What's the difference between small-l libertarians and conservatives?

(I’m just trying to hone my thoughts, sharpen my understanding of politics. What do I know, I’m a young guy. So if I’m way off base here, I wouldn’t be surprised…I’m just trying to better understand the groups people identify with here in America.)

Some Republicans say they’re libertarian. But they’re not the Murray Rothbard, Ayn Rand, Reason Magazine, Ron Paul, sort. They’re not for blowing up the Fed, burning the welfare state with fire, et al. But they’re “fiscally conservative” and “socially liberal.” Let’s call them “small-l libertarians.”

What does it mean to be socially liberal in this country? The only issues I’ve pinned down are gay marriage and legalizing prostitution (National Review has long been skeptical of the drug war, so it wouldn’t be fair to divide conservatives from libertarians using that issue). You might say abortion…But many libertarians – even big-L Libertarians – are not pro-choice.

I guess a small-l libertarian would also differ from a conservative in emphasis. The conservative’s all about traditional values, the libertarian about liberty.

A friend pointed out to me that small-l libertarians also are likely to differ from conservatives on foreign policy. These days, small-l libertarians would be more likely to be for scaling back more military operations, while conservatives would want a tough international presence.

Do I have the basic gist of the differences here or am I way off base?

There’s no one answer to this, as there wouldn’t be if you asked what “progressives” think. But, in general:

Pro-SSM (and polygamy), or just get the state out of the marriage business altogether
Legalized drugs (or at lest pot)
Dovish (anti-Iraq war, for example)
Pro-legalized prostitution
Much loser licensing laws (why does someone need a license to cut hair?), although this might not be “socially liberal”
Anti-sodomy laws (for straights and gays)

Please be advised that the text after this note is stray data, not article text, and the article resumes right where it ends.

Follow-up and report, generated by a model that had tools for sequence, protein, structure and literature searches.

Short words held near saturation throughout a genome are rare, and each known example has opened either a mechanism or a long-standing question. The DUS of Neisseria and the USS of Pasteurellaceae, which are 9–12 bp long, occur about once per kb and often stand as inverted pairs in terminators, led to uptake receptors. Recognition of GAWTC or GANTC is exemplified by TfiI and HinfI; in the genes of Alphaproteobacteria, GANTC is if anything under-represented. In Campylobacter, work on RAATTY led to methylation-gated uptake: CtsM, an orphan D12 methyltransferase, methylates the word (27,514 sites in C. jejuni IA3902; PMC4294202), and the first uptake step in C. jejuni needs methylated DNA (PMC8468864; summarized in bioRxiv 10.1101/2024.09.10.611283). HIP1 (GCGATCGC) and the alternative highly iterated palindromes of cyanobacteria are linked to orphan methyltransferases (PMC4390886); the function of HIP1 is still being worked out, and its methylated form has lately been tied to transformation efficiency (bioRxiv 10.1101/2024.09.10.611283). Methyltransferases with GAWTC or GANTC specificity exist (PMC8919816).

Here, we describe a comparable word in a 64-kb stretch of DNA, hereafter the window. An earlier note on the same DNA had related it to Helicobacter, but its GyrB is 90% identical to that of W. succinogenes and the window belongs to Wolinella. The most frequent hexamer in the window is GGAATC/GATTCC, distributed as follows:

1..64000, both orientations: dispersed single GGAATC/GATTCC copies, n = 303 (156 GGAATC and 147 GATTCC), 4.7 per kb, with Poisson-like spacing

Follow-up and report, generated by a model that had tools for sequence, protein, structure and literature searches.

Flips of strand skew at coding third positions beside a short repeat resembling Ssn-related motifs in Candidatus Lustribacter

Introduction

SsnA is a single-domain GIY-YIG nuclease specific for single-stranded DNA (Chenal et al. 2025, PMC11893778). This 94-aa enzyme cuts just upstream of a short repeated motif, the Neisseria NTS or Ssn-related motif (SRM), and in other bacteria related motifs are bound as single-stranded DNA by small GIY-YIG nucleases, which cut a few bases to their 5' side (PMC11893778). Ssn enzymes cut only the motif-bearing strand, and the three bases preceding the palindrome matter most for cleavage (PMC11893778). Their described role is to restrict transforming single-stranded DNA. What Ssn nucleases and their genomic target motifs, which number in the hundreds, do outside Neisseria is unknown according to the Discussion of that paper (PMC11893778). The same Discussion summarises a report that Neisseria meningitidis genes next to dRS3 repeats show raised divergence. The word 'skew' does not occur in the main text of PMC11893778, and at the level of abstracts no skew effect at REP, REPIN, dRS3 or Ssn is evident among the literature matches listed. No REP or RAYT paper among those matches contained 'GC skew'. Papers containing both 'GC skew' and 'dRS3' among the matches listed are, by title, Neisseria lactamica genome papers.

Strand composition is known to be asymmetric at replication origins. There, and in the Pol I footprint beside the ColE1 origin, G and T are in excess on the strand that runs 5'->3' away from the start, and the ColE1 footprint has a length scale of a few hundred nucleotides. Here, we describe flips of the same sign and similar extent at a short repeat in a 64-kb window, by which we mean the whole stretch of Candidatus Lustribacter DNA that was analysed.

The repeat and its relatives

Those are what I can think of off the top of my head. Basically, letting people do what they want if they’re not hurting anyone else.

*Although there are religious libertarians who are pro-life. The thing is, though, if religion creeps too much into other things, then you cease being a libertarian

I’ve labeled myself “Social Libertarian”.

Pretty much I believe the government should largely stay the fuck out of our private lives. Equality for everyone means no discrimination for any reason, no laws harming or limiting gays or religious minorities, no ‘hate crimes’, no ‘protected classes’, no any of that shit. I’m pro-choice on abortion, but I think leaving it to the States rather than the Feds means better Democracy. I’m for the legalization of most drugs. I’m a firm supporter of the 2nd amendment. Sodomy laws? Utterly absurd. The government has no business in anyone’s bedrooms.

So in those respects, I am a “Libertarian”.

But when it comes to interacting with Society, I think we have a reason to protect each other and work together. Taxes, schools, roads, safety laws and inspections, business regulations, all of that have a firm place in protecting all of us from each other and allowing us to go about our private lives. Some more radical libertarians have this idea that everything should be privatized. I think that’s moronic and unworkable.

I have no issue with welfare. I believe that we need to take care of people that can’t take care of themselves. Sure, there’s fraud. There’s fraud in every aspect of life. The existence of welfare fraud should no more mean we shut down the entire program than the existence of Bernie Madoff should mean we shut down investment banks.

That same logic can be extended to almost everything else about Human Society - there is and will always be harmful things and events. There are bad people, and shit happens. Attempting to limit them through every stricter laws and regulations is really only trying to stop Humans from being Humans and stop Reality from being Reality.

As I’ve said before, the beauty of being Human is that we have the ability to conceive of things like Justice, and fairness, and the ability to make our world a better place than the uncaring and unmerciful universe we live in. But creating Justice and beauty in the world cannot be done by shoving everyone in a box and forcing them to stop being Human in the name of a false sense of security.

Federalism doesn’t really have anything to do with Libertarianism. You can can have either with or without the other. But you do find that many libertarians have strong federalist leanings, too.


True enough. There are some things I don’t necessarily like the feds messing around with, and then there are things that I do. Overarching protections for one example, work very nicely thank you very much. :slight_smile:

Other people’s opinions vary, and I’m happy that they do.

Really though, I don’t have a strong self-identity as a Libertarian or try to speak for the ideal, so I’d like to hear from people who do.